The Italian History of Biscotti

Who doesn’t love a crisp, crunchy biscotti? Commonly enjoyed with coffee or another hot beverage by those all over the world, biscotti is widely available in a variety of tasty flavors. Here at Italian Bakery of Virginia, we like to stick to the classics. Using old family recipes and only the finest ingredients, our experienced bakers handmake each batch of biscotti to perfection.

But where did the idea of biscotti come from? A tasty treat that’s signature dry, crunchy texture comes from a twice-baked cooking process—who was the first to attempt this and why?

The history of biscotti and the Roman Legions

Italian Biscotti

Much like the origins of fruitcake, biscotti was first created to be a long-shelf-life food for Roman Legions to carry during lengthy battles. Because biscotti was intentionally rock-hard in texture, there was no risk of it becoming stale or inedible, and the original almond flavoring gave much needed nutrients to the soldiers. While almond is still a popular flavor option for today’s variation, we think it’s safe to say biscotti has come a long way since the Roman age. Over time, the rock-hard treat has evolved into less of a means to an end and more to an after-dinner indulgence.

Biscotti After the Fall of Roman Empire

After the fall of Rome and the country’s repeated invasions, Italians endured what is commonly referred to as “the Dark Ages,” throughout which they did their best to simply survive. As such, there wasn’t much culinary growth until the Italian Renaissance. It was then that Tuscan bakers took the age-old biscotti and transformed it into something that could be enjoyed rather than tolerated. This was much like the biscotti we enjoy today, though Tuscans preferred to dunk their biscotti in a local sweet wine known as Vin Santo rather than a cup of cappuccino.

Biscotti vs. Cantucci di Prato

What’s the difference between biscotti and cantucci? Ultimately, nothing but a name. As the birthplace of biscotti (as we have come to know and enjoy it), Tuscany and the small city of Prato within it (where almond groves are abundant—hence the traditional almond flavor) refer to this twice-baked cookie as cantucci. To Italians, the word biscotti is just a generic term for any type of crunchy cookie. At the end of the day however, if a Prato native strolled into the Italian Bakery of Virginia, they would point to our display of biscotti and ask for a cantucci. No difference.

No matter what you call it, what your flavor preference may be, or whether you enjoy it with a cup of coffee or a glass of Vin Santo, one thing is for certain. Biscotti is a delicious treat that has withstood the test of time. Stop into the Italian Bakery of Virginia and pick up one in every flavor today!

Fruit Cake: Where Did it Come from and Why is it a Holiday Tradition?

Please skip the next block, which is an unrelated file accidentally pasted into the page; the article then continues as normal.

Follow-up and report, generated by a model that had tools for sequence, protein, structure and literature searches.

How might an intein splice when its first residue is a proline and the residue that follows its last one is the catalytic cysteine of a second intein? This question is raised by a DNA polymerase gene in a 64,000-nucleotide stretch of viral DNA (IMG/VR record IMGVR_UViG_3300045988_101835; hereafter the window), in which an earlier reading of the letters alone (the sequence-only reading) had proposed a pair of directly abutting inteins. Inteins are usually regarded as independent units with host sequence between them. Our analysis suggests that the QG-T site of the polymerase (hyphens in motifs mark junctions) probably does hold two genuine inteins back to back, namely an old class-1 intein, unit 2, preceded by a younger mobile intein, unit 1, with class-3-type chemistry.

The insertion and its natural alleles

There’s no doubt about it—fruit cake is a staple of the holiday season. While it has spent centuries being the butt of countless jokes and often gets a bad rap, we here at Italian Bakery of Virginia still love it – and so do millions of people around the world. No matter which side of the spectrum you fall on, chances are you’re likely to find fruit cake adorning the dessert table of at least one holiday party this year.

So, what’s the history behind this love-it-or-hate it dessert and how did it become a holiday staple? Let’s take a closer look.

The origins of fruit cake

Christmas Fruit Cake

Let’s start from the beginning. Fruit cake dates all the way back to ancient Rome, when mashed barley, pomegranate seeds, raisins, and pine nuts were combined to make a dessert called satura. Valued for its long shelf life, Roman soldiers often brought the treat with them to battle. Later in the Middle Ages, spices, honey, and dried fruit were added, aiding in its growing popularity amongst crusaders. Over time, ingredients from European colonies were added, including sugar, candied fruit from the Middle East, various spices, and liquor, giving us a version of the treat that is most similar to the fruit cake we see today.

A brief ban

Because of the introduction of candied fruit, and of course, the abundant use of sugar for preservation, fruit cake became such a “sinfully rich” treat that it was briefly banned in Europe in the early 1700s. Fortunately, the ban was later lifted and fruit cake became a popular treat during celebrations throughout Europe and a must-have addition to a proper Victorian tea spread.

Synonymous with the holiday season

It is believed that one of the main reasons why fruit cake became associated with the holidays was that during the 18th and 19th century the cost of the ingredients was too expensive for most households to afford. Considered an indulgence, fruit cake was thus reserved for special occasions and holidays. As time went on, others began to credit Truman Capote’s 1956 short story, “A Christmas Memory,” which became most interesting when the older woman in the narrative looked out her window and exclaimed that it was “fruit cake weather.”

Ordering Fruit Cake from Italian Bakery of Virginia

Regardless of whether fruit cake is a must-have addition to your own annual holiday spread or you’re simply curious about this seasonal commodity, Italian Bakery of Virginia ships fruit cake all over the world. Our delicious Italian fruit cake blends candied fruits, crunchy nuts, and a hint of liquor to create a homemade holiday treat the whole family will enjoy. Order online today to have one delivered straight to your home!